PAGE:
Written and directed by Jeng Cheong-Woh
Hong Kong, 1971
Not all is well during the time of the Tang dynasty. The emperor’s cold-hearted brother, Lord Zheng Gui Li (Yun Il-Bong), spends his time visiting various fiefdoms and smaller such lands with the intent of bribing its tenants for food and money. In the event of resistance, occupants are immediately slain without mercy. Arriving at the domain of Lord Ding Yuan (Chen Feng-Chen) proves fateful. The latter calmly, diplomatically refuses to cough up provisions, resulting in his execution to which his followers take much offense. Minister Cui Yin (Shum Lo), equally obfuscated by the killing and an upcoming royal edict that is to exempt Zheng from punishment, concocts a plan with one skilled warrior, Mu Jun-Jie (Ling Yun) and five other novice fighters (among them the delightful Lily Li Li-Li, who sadly does not end up doing very much in the film) to take back what’s theirs: honour.
Korean import directors, rare as they were at the time, have a phenomenal track record when applying their trade within the Shaw Brothers studio system. Jeng Cheong-Woh’s stamp is the most noteworthy, two of his films standing out as among the best of the entire studio canon (The Swift Knight from 1971 and Five Fingers of Death from 1972). Not only was he a true talent, he also demonstrated just how prolific he could be by directing two films in 1971, the second being Six Assassins. While it is extremely difficult to dislodge Five Fingers from the number-one spot on his filmography in terms of quality, Six Assassins comes close, which counts for a lot.
Where Cheong-Woh continuously impresses is in his ability to direct stories with a level of patience that is rarely considered in other martial arts films of the era. He is never in a mad rush to get plot points across, nor does he necessarily give too much weight to the importance of the action scenes themselves. Granted, they are there on full display in Six Assassins, but what the viewer can easily recognize is that the story and how it affects the characters matters just as much as the higher-octane sequences. Case in point, unlike a ton of Shaw pictures: this one does not open with a frantic action scene that is only later explained. Rather, a brief bit of opening narration explains the context of the era, who is in power and who this vile Lord Zheng Guo Li is before, offering a prime example of how far he is willing to go to instill his tyrannical influence.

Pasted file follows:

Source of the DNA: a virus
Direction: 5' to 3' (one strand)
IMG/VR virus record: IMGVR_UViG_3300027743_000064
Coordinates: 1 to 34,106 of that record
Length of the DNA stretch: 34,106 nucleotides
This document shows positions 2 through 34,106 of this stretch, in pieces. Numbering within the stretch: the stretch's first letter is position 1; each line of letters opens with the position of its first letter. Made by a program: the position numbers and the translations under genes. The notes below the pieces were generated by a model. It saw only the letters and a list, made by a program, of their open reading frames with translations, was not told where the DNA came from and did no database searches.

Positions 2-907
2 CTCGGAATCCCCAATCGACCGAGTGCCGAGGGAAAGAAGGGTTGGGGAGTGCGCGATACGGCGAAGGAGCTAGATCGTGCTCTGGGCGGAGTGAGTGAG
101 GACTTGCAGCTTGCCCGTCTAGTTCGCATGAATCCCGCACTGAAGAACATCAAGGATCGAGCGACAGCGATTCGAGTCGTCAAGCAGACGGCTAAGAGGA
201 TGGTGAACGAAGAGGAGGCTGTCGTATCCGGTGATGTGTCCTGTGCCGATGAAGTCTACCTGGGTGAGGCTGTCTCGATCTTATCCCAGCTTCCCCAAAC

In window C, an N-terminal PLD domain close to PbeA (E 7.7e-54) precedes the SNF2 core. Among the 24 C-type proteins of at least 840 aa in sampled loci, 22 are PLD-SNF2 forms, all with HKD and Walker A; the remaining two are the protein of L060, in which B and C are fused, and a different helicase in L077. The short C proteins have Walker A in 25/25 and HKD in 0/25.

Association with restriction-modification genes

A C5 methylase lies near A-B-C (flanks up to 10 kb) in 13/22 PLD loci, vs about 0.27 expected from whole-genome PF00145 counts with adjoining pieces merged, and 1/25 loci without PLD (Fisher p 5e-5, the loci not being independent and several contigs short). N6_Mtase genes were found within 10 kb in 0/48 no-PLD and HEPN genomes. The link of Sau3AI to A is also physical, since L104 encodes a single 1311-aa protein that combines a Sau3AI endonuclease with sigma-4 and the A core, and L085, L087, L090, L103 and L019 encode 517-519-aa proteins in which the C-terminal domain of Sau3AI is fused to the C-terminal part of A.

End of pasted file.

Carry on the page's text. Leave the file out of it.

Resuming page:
Following the senseless murder of Lord Ding Yuan, several scenes are devoted to making plain what the societal and political ramifications of the act could be as well as hinting at the weak backbone of the would-be powerful political figures tasked with producing an edict to settle the matter. The fact is, if the arrived decision is to compensate Ding Yuan’s estate in worthy fashion, there is less of a reason to assassinate the culprit, an idea that in all likelihood would not be considered in the scriptwriting process of other Shaw adventure flicks. The film comprises many a scene in which actors are allowed to emote, think, and communicate to one another like regular human beings. These moments are slow, even quite tender at times. There is no showy acting practiced by any of the cast members, Chen Feng-Chen gives the most highly accentuated performance as the villainous lord, although his distinction emanates mostly from sinister stares than loud boastful claims. Cheong-Woh is an advocate of story first, aesthetic to create mood second, and action third. Obviously, all three elements are applied in harmonious manner as to create a palatable viewing experience for action junkies. Even so, there is definitely something to his touch that expresses an artistic vision as opposed to simplified workmanship.
What action scenes exist also provide some colourful moments of creativity. A man’s head is not merely smashed against a table, but smashed through a table. Another victim is not launched against a brick wall, but through the brick wall. A hapless prisoner of Lord Zheng Gui Li is tortured with a series of whiplashes, each strike against his bloodied back echoed by a jerky shaking of the picture frame (at a Dutch angle, no less). Patience can be a virtue just as speed and efficiency when it comes to action. One can have characters immediately run at each other, swords clashing loudly at the first sight of the enemy. Conversely, as seen multiple times in Six Assassins, two imposing foes can take a moment to size the other up, waiting for the absolute best moment to strike, much like samurai. Such moments of deliberate pacing enable the director and his art department to set the stage with undeniably expressionistic, very noir-like lighting: faces shrouded in shadow save for their rage-filled eyes, the metal of their swords glinting in what little light pierces nearby windows.
As is the case with his other two aforementioned kung fu films, Jeng Cheong-Woh elevates the material to an impressively artful level. At its core, Six Assassins is yet another story of revenge against ignobility, par for the course. When in the capable hands of a special director however, it can look, sound and feel as though one is watching a very different sort of movie. If there are fans of Shaw Brothers out there who have still yet to discover Jeng Cheong-Woh’s oeuvre, that hole in their viewing must be filled at the earliest opportunity.